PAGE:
Straighten Up, Girl

By MacKenzie Dexter

Straighten Up, Girl by MacKenzie Dexter

When I was fourteen, my spine was pinned with twenty-two screws and pinched with two ten-inch rods to correct my scoliosis that had curved my body at a sixty-four degree angle. I was a teenager, anxiously awaiting for womanhood to arrive wrapped in a pink bow sprinkled with Midol.  I was excited about this pivotal moment in my life that finally gave me a reason to wear a bra. And then, the surgery happened.

My mother tied a stiff blue hospital gown around me, and my father lifted me into a portable hospital bed draped in white sheets. The drugs injected into my arm gave me a wave of shakiness, nausea, and humor. The high gave me the courage to crack jokes to the Crucifix on the wall above my temporary bed. I told Jesus how funny it would be if the doctors ran me down the hall yelling “Stat!” as if I were a prop in a mediocre hospital show.

The nurse came to retrieve my body for the operation once I was in a state of physical and mental numbness. The high and color drained from my face as the barrier between my parents and me thickened.

*

Her body was separate from her mind. She was curious if the scalpel would struggle to cut in a straight line due to her nervous shaking. She was scared for her naked body to be exposed to a room full of strangers. She was petrified that she would wake from her sleep to see organs and muscles spilled on the table next to her. As her limp body sat on display for the doctors to prepare, her mind focused on the tranquil shades of blue. Hypnotized, she fell into slumber as the brown-eyed doctor counted down from ten.

*

I’ve been told that being a woman is about taking control and listening to your body. My body had become a silent corpse.

*

I woke up after the seven hour surgery in the ICU crying out for my mom; at least that is what the nurse told me. The drugs took up half of my body weight, so my memory struggled to stick. I tore my eyes open to see my parents staring back at me with fabricated smiles. Around me sat a chair, food, and a toilet: everything I needed but barely used during my time in the hospital. My favorite and most used object in the room was the drug button.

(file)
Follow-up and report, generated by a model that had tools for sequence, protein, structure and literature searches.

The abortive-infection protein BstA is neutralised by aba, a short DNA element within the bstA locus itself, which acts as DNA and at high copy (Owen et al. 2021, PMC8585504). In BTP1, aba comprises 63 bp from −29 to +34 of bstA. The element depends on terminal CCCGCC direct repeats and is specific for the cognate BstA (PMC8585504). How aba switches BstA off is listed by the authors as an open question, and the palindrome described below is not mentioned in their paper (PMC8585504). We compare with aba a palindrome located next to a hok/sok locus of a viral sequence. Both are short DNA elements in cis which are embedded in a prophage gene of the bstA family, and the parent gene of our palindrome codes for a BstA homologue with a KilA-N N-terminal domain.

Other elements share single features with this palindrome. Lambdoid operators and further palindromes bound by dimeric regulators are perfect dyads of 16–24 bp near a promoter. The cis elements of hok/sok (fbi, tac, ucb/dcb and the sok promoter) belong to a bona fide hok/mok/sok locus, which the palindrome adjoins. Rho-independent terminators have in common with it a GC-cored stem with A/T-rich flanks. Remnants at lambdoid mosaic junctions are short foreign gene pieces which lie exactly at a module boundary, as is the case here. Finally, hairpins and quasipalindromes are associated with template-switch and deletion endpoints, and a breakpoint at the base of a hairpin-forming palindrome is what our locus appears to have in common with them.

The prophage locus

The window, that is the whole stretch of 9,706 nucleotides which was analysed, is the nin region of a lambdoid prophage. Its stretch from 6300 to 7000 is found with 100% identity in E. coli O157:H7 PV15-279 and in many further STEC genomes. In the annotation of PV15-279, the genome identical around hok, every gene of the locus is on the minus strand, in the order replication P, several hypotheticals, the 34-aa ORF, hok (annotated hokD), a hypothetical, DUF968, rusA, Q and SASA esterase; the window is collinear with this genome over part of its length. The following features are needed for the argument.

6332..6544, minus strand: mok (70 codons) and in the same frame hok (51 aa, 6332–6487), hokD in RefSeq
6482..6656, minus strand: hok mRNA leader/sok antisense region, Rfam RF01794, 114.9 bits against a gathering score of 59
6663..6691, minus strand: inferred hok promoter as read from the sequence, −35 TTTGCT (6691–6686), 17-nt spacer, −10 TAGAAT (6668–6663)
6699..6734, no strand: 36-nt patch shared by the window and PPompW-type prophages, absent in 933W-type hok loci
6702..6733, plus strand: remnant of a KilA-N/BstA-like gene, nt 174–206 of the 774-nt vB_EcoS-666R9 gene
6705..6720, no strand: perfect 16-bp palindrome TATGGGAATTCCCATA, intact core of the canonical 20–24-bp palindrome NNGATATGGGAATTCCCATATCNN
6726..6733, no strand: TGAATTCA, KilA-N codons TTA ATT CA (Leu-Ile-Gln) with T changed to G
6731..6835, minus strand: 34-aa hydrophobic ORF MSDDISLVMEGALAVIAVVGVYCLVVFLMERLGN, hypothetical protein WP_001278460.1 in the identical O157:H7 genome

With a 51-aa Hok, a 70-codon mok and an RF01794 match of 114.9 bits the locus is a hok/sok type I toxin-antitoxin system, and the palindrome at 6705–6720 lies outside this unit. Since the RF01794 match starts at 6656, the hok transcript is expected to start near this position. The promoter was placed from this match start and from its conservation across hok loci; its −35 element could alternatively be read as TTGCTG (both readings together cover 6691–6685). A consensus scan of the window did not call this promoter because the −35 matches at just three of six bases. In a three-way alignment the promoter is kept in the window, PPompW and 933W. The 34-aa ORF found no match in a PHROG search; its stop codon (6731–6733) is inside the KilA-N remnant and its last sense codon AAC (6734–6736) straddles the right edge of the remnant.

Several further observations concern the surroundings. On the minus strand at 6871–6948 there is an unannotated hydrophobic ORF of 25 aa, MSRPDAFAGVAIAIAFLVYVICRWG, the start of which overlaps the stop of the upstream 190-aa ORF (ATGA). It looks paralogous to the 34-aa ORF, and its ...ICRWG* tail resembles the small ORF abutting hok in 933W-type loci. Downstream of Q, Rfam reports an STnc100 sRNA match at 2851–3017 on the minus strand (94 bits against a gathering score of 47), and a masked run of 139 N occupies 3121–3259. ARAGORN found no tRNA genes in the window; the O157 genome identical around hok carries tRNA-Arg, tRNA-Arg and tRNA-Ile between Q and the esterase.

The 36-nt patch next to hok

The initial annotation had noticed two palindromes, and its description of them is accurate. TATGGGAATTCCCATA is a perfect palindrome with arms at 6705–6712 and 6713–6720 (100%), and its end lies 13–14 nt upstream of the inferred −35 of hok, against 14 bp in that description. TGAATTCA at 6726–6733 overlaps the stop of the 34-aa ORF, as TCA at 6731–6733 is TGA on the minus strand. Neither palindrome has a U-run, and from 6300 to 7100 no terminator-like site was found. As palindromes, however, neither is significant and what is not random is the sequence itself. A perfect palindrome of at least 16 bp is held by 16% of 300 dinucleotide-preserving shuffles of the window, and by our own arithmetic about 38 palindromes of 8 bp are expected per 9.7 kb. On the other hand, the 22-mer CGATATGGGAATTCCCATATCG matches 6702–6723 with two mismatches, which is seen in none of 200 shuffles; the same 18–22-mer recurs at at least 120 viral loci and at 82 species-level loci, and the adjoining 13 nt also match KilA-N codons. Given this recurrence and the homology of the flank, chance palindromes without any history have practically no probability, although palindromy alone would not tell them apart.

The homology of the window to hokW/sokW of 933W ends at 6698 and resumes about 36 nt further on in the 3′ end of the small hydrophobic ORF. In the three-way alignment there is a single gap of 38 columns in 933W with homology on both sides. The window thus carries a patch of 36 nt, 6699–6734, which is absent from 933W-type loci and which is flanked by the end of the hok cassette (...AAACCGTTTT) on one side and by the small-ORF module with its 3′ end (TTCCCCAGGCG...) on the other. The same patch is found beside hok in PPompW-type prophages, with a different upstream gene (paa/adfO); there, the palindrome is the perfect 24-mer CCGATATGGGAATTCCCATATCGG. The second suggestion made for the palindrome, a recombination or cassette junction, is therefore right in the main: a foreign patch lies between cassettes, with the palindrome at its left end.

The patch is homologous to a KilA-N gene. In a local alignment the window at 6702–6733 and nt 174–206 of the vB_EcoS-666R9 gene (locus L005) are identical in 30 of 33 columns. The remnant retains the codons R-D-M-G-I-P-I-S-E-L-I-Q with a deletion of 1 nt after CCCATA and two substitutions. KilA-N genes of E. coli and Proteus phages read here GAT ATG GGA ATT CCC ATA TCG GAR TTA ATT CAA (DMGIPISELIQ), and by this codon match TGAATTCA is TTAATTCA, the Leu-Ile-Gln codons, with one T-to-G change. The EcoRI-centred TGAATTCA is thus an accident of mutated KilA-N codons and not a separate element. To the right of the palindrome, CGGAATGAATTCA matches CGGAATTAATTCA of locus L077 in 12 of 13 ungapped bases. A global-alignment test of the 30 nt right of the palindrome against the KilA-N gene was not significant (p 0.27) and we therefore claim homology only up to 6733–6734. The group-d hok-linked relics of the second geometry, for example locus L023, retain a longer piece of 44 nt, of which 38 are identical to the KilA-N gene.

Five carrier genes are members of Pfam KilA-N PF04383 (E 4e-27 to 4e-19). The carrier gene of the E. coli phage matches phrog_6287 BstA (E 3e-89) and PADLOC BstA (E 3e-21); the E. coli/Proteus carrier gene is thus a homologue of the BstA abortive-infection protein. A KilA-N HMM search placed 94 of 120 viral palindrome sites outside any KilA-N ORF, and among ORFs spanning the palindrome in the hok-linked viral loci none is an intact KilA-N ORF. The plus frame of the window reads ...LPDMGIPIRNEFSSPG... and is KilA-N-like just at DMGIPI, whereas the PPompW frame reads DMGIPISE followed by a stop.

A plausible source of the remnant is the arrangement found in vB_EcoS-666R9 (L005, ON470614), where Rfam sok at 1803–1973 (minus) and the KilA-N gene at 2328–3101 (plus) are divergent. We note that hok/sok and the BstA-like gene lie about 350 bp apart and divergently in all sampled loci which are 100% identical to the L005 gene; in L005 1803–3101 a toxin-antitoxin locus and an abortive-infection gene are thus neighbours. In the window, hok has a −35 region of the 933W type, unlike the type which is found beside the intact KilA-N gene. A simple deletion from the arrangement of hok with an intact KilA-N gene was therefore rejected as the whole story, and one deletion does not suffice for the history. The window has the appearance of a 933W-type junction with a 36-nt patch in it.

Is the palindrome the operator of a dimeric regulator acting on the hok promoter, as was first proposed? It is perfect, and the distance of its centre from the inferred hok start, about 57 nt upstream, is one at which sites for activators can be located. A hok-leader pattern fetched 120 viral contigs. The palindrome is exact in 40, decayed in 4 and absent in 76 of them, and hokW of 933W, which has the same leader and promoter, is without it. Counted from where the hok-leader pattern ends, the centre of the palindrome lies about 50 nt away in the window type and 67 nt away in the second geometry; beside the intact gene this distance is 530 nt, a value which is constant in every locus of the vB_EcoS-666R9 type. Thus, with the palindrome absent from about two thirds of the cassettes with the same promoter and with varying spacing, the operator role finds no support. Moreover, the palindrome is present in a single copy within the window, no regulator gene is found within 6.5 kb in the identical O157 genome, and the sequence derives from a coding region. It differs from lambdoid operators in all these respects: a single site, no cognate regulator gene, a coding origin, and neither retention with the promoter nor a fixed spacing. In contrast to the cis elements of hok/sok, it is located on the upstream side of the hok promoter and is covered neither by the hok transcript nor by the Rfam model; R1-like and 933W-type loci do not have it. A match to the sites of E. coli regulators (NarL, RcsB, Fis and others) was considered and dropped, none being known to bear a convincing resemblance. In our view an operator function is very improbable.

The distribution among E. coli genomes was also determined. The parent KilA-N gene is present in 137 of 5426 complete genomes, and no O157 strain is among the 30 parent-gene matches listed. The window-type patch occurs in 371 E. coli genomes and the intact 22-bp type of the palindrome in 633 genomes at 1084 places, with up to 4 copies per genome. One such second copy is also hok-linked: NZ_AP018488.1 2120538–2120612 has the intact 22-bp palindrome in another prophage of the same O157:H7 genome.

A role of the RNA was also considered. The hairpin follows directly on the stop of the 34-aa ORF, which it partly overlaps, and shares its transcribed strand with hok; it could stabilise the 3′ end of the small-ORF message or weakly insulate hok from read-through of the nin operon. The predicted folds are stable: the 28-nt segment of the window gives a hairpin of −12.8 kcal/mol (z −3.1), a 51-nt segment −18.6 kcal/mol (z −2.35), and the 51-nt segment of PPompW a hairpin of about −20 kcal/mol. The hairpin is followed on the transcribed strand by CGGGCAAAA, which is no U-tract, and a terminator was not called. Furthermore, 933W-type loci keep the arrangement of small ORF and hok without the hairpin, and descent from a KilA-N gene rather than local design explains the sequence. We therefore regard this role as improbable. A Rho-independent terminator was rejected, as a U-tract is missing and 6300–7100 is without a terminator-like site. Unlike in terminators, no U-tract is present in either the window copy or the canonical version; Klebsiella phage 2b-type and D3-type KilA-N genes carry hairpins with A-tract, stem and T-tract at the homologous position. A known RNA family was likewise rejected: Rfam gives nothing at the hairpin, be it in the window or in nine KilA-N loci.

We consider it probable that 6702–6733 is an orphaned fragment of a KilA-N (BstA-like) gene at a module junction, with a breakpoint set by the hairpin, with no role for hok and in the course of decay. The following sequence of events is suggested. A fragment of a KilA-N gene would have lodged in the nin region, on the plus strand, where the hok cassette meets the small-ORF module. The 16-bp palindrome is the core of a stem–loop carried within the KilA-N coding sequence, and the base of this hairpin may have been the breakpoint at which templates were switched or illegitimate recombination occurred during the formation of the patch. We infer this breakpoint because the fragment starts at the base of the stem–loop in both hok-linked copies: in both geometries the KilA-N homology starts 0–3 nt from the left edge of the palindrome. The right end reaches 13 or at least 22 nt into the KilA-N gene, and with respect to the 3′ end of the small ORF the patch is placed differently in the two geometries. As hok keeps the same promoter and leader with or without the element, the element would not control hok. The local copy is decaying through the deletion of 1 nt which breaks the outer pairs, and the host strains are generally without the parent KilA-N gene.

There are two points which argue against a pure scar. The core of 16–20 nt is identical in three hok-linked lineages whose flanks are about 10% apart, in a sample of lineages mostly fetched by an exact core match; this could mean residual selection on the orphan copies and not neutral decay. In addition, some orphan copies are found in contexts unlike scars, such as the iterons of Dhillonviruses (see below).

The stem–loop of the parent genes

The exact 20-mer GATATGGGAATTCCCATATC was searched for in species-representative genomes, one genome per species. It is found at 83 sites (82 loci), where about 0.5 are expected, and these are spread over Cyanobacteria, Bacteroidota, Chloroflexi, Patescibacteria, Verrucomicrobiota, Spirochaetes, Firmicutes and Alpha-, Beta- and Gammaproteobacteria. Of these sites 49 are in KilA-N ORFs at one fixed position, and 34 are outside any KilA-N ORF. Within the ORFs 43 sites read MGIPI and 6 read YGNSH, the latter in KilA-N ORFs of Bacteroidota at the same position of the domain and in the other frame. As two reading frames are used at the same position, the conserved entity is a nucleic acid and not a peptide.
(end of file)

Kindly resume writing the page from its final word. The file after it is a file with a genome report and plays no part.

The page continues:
I’ve been told that being a woman means having your body torn apart for the ability to grow life. I was told this was a gift, but after the surgery, my body refused it.

*

Her body was paralyzed. She could feel the screws piercing through her vertebrae. The two rods acted like magnets, her spine as the barrier. Specks of dry blood masked the holes that covered her skin. Tiny receptors were scattered around her flesh to signal dangerous nerve contact that could result in paralysis. The shock threw off her whole system. Her digestive system, her nervous system, and her reproductive system would be halted for months. Her body had more important things to worry about.

*

I’ve been told that women are to be quiet and humble about their pain.

Menstrual cramps, childbirth, and emotions are to be kept quiet. It isn’t lady-like to complain, so I stayed silent. I couldn’t do anything by myself. I couldn’t use the toilet without someone helping me sit. I couldn’t walk up the stairs without someone pushing me. I couldn’t walk in a straight line without someone directing me. Not only was my body’s center of gravity off, but so was everything else. My dreams turned into nightmares, my pain turned into a number scale, and my cheerful family turned into mourners. I felt the pain of each family member who swarmed my hospital bed. I would lie to the nurses and pretend I was doing better than I actually was.

*

She saw her body for the first time during a forced shower. Her child-like figure peeled out of its depression-soaked bed and submerged itself in holy water. No matter how many times she rinsed and scrubbed, she was still pale, frail, lifeless. She wept at her reflection.

*

I’ve been told that good women are meant to have faith. I lost my faith the moment I was told a simple plastic back brace was supposed to be my ticket out of the hospital bed. Yet there I was, fresh metal placed inside of me.

During my stay in the hospital, a priest came and visited me. My family was Catholic, so they welcomed him into my room for prayer. I was unable to mark the sign of the cross because I was too weak to lift my hand to my forehead. I just stared at the priest and thought of the Crucifix hanging on the wall outside the surgery room and the jokes I’d made to it. The laughing had ended and the anger had settled. I knew no amount of praying could stop this pain.